Basic question, but one that some of us ask ourselves:
Do you need to go to college and get a degree in English or Creative Writing to be a successful writer?
Though it’s probably an extremely good idea, maybe even a necessity, to get a degree in English/Creative Writing if you want to do freelance work like I do, either as a freelance editor, ghostwriter, or any other kind of writing. This is kind of ‘well duh,’ because people need to have a reason to trust you enough to know what you’re doing before they start throwing money at you. Pretty much any job outside of writing books, whether it be an editor or journalist, are going to require you to know your stuff. You don’t get paid just for flapping your mouth.
Now, while college isn’t necessary to becoming a successful, or even a skillful, writer, education is a must, though most of the things that writer’s need to know in order to be either competent or good can be self-taught. We teach ourselves styles of writing by reading the books we love, and we can teach ourselves how to self-edit or refine our art by reading books written for the sole purpose of teaching the writer to do these things for themselves.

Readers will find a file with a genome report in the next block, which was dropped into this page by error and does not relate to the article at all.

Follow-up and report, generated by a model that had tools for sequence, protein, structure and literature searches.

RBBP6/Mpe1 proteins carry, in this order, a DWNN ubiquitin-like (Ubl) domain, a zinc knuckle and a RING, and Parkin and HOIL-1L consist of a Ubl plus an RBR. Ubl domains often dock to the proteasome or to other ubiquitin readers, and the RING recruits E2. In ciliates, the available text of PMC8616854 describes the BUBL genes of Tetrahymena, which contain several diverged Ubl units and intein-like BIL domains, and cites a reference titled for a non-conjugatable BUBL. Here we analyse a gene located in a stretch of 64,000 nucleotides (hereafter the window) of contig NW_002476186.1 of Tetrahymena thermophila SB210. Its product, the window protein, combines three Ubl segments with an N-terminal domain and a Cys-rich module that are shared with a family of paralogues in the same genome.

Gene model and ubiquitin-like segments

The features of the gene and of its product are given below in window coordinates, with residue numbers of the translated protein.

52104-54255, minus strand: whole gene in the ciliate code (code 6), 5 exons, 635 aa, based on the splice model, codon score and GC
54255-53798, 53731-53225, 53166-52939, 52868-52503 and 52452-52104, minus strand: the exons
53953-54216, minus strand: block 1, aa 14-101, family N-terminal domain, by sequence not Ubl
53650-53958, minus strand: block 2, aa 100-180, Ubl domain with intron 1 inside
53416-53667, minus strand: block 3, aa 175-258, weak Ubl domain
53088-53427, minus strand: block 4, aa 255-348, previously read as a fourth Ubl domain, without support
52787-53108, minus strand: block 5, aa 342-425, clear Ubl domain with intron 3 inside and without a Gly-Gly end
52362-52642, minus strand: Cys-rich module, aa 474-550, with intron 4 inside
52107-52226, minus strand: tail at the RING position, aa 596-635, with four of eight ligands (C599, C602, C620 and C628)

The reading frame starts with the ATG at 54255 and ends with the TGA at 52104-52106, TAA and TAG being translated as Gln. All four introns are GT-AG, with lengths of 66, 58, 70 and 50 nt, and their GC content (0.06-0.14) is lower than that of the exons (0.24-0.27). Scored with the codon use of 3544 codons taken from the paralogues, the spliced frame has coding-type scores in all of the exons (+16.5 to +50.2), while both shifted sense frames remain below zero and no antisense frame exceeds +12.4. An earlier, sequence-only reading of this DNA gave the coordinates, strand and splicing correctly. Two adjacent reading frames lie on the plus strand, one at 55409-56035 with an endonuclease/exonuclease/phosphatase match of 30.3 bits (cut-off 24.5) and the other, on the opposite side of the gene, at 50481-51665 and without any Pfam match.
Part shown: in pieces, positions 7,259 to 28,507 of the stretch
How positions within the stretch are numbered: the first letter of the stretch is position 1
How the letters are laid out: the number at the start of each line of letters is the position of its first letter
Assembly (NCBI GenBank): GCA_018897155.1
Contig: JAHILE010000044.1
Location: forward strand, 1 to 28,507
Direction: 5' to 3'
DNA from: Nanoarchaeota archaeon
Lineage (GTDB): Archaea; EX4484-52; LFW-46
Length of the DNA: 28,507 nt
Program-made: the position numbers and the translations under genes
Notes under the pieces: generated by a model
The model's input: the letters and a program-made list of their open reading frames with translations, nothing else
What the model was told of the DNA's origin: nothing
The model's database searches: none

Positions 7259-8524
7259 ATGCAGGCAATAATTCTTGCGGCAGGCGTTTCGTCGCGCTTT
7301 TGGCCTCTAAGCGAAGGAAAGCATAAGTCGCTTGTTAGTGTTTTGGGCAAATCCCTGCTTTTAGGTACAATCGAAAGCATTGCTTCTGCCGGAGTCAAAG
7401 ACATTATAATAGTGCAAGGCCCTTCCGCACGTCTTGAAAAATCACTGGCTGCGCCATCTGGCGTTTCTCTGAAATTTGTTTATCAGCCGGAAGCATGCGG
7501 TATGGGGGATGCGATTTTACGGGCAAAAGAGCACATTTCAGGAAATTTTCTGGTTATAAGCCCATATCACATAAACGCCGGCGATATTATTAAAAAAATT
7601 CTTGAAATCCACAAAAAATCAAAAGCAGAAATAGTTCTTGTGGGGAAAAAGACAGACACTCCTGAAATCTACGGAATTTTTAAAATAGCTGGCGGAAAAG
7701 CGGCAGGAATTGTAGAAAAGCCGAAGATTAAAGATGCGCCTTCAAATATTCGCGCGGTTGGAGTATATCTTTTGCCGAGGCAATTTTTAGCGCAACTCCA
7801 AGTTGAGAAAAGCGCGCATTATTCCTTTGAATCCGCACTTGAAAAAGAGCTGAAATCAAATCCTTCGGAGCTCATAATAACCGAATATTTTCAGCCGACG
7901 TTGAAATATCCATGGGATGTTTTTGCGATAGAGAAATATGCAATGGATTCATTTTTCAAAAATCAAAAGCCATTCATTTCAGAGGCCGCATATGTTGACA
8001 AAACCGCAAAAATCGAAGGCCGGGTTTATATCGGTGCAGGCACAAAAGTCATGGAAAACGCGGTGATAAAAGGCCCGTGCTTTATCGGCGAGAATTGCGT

That being said, a college education by no means hurts. Education is education, and knowledge is knowledge. However way you get it is all good, and those who will be looking at your query letters are probably not going to be looking for whether or not you got an English degree or not.
Other well to do places to find knowledge in becoming the writer you want to be can be found in podcasts (I, personally, recommend Writing Excuses), writer’s conferences, and the library. Some books I have found useful myself are:
“On Writing,” by Stephen King
“Elements of Style,” by E.B. White and William Strunk Jr.
“Self-Editing for Fiction Writers,” by Renni Browne and Dave King
“How Fiction Works,” by James Wood
And an overall intriguing read, “I is an Other,” by James Geary
Though, as a side note, I would have never found 4 out of five of these books if it hadn’t been to good podcasts and a sarcastic, Dune loving Creative Writing professor.
(I put ‘very’ too much in my writing…ugh. One of the biggest no-no words. I stink.)